• For Parents: You may file if you are the parent of a US citizen and you have been abused by your US citizen son or daughter.
  • For Child: You may file for yourself if you are an abused child under 21, unmarried, and have been abused by your US citizen or permanent resident parent. Your children may also be included on your petition, and you may file as a child after age 21 but before turning 25 so long as demonstrating that the reason for the delay was related to the abuse you suffered.

Eligibility Requirements for VAWA Self Petitioners

Spouse: You qualify as a VAWA eligible spouse if:

    • You are married to US citizen or permanent resident abuser or reasonably believed you were married but later found out the marriage was not legitimized, you suffered battery or extreme cruelty by your US citizen or permanent resident spouse, or your child suffered battery or extreme cruelty from spouse, you entered into the marriage in good faith, not just for immigration benefit, you resided with spouse, and you are a person of good moral character.

Child: You qualify as a VAWA eligible child if:

    • You have been abused by US citizen or permanent resident parent, you have resided with your abusive parent, and you are a person of good moral character.
      • Note: a child under 14 is presumed to be a person of good moral character

Parent: You qualify as a VAWAA eligible parent if:

    • You are a parent of a US citizen son or daughter who is at least 21 or older at the time of filing, you have suffered battery or extreme cruelty from US citizen son or daughter, you resided with the abusive child, and you are a person of good moral character.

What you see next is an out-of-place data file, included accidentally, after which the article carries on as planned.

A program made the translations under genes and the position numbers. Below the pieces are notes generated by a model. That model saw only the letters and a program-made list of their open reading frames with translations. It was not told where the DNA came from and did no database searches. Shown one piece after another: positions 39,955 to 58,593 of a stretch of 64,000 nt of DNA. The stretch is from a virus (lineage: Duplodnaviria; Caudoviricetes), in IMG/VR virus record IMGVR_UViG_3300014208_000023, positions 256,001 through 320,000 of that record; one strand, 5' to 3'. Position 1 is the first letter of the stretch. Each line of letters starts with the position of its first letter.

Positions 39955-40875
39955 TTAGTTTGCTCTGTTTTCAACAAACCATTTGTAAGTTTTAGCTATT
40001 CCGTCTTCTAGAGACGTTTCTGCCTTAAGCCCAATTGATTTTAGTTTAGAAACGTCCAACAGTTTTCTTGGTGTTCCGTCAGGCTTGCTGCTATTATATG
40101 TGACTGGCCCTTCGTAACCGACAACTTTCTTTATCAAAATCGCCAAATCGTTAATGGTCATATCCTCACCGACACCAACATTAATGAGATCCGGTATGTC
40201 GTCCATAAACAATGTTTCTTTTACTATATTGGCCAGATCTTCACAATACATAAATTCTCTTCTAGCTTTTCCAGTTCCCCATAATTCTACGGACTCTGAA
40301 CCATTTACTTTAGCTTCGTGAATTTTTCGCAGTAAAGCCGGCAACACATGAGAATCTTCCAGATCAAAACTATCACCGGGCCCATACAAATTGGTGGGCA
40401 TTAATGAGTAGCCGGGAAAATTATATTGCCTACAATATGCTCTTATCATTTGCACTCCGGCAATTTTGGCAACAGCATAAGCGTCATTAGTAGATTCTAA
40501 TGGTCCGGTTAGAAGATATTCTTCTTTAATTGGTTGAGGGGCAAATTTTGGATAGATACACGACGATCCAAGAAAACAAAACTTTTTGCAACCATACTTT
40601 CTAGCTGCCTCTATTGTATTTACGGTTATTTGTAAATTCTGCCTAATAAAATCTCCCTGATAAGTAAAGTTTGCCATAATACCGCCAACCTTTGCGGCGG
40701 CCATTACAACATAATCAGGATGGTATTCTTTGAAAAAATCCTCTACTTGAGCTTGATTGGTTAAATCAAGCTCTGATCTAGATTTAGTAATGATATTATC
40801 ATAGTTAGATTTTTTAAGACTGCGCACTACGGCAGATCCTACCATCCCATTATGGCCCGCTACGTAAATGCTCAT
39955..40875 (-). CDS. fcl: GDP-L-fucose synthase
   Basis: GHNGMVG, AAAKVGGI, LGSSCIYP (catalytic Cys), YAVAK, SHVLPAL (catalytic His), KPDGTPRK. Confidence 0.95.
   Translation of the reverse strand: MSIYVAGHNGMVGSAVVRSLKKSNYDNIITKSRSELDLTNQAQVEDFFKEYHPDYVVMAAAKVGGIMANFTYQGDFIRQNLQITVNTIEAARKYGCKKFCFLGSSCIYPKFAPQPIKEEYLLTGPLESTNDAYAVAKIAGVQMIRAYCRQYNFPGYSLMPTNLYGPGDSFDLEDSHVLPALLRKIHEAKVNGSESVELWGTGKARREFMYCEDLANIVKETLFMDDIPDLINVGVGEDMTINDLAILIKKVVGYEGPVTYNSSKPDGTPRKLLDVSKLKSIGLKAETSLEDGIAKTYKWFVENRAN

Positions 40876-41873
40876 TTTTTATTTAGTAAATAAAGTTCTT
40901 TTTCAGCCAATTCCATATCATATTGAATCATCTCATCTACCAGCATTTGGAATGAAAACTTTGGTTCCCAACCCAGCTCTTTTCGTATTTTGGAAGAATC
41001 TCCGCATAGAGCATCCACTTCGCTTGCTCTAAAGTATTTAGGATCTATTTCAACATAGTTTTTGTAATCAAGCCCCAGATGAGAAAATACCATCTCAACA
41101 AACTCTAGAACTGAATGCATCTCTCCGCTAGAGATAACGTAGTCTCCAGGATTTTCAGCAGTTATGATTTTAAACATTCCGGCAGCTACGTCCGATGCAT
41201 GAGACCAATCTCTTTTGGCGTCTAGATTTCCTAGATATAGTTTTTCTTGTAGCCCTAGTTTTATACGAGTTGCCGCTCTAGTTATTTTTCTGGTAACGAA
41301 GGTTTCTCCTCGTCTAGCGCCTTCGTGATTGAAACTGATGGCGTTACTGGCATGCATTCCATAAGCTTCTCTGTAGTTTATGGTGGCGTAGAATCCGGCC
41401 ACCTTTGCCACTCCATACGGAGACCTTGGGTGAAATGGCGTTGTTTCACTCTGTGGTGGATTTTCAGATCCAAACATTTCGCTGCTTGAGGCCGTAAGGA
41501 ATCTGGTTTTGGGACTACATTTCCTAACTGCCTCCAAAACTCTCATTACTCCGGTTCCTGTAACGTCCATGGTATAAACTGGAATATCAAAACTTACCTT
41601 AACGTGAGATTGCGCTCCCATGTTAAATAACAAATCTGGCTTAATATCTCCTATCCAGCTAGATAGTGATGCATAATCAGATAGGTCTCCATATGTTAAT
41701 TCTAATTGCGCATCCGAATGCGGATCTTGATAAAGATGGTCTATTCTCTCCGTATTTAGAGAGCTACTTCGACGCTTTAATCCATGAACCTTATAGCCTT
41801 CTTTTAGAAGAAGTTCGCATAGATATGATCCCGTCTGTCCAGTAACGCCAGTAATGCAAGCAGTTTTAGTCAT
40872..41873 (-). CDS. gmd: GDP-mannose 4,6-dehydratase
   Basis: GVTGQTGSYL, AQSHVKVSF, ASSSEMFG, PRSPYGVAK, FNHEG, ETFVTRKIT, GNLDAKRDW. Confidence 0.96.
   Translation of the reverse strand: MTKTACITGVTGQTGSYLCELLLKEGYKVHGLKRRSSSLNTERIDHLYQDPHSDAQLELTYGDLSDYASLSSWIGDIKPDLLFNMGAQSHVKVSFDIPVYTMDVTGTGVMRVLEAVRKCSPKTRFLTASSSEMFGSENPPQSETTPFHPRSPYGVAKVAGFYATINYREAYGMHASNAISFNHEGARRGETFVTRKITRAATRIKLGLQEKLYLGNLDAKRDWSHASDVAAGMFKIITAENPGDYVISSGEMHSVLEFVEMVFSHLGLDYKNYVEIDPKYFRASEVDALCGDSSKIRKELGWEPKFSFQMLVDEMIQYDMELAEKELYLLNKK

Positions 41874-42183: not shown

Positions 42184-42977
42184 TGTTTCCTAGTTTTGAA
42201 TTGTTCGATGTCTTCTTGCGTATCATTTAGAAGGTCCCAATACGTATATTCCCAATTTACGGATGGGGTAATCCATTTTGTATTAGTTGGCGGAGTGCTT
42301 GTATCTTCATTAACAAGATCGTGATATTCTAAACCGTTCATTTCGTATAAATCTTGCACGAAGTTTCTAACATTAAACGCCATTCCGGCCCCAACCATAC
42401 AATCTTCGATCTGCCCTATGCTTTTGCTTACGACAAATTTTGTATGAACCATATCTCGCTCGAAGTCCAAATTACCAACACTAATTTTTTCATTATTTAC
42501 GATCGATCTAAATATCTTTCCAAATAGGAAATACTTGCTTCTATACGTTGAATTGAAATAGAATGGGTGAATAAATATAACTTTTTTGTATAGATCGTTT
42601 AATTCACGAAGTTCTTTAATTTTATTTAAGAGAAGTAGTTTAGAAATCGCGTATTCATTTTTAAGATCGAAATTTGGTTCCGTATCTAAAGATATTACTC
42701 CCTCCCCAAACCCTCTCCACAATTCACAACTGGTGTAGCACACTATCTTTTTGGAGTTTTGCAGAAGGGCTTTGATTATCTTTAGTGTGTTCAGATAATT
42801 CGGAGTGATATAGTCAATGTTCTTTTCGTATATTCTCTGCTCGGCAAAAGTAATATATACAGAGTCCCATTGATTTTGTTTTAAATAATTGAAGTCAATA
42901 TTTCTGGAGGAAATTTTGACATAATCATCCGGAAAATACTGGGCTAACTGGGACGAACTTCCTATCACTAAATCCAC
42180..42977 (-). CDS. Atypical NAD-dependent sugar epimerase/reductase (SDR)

Process and Benefits of VAWA: After determining qualifications, the process for a VAWA self petitioner is to file a form I-360 Petition for Amerasian, Widow(er), or Special Immigrant with USCIS. After filing you will receive a notice that your petition has been received, and in some cases, a Prima Facie Determination Notice which will give access to certain public benefits. You will also be eligible for work authorization in the United States when your petition is approved, and you may eventually be eligible to obtain lawful permanent residence, or a green card.

For more information on VAWA Self Petition for Abused Spouses, Children, and Parents, contact one of the experienced immigration attorneys at Rose Law Group, P.C. today.


The United States asylum laws are meant to protect individuals coming to this country seeking protection because they have suffered persecution, or have a fear that they will be persecuted, due to: race, religion, nationality, membership in a particular social group, or political opinion.

If you are seeking asylum in the United States based upon a well founded fear of persecution due to one of these categories, you may file a Form I-589 Application for Asylum and for Withholding of Removal, within 1 years of arrival to the United States. 

You may include your spouse and children who are in the United States on your application at the time you file or at any time until a final decision is rendered in the case. Children must be under 21 and unmarried to be included in the asylum application.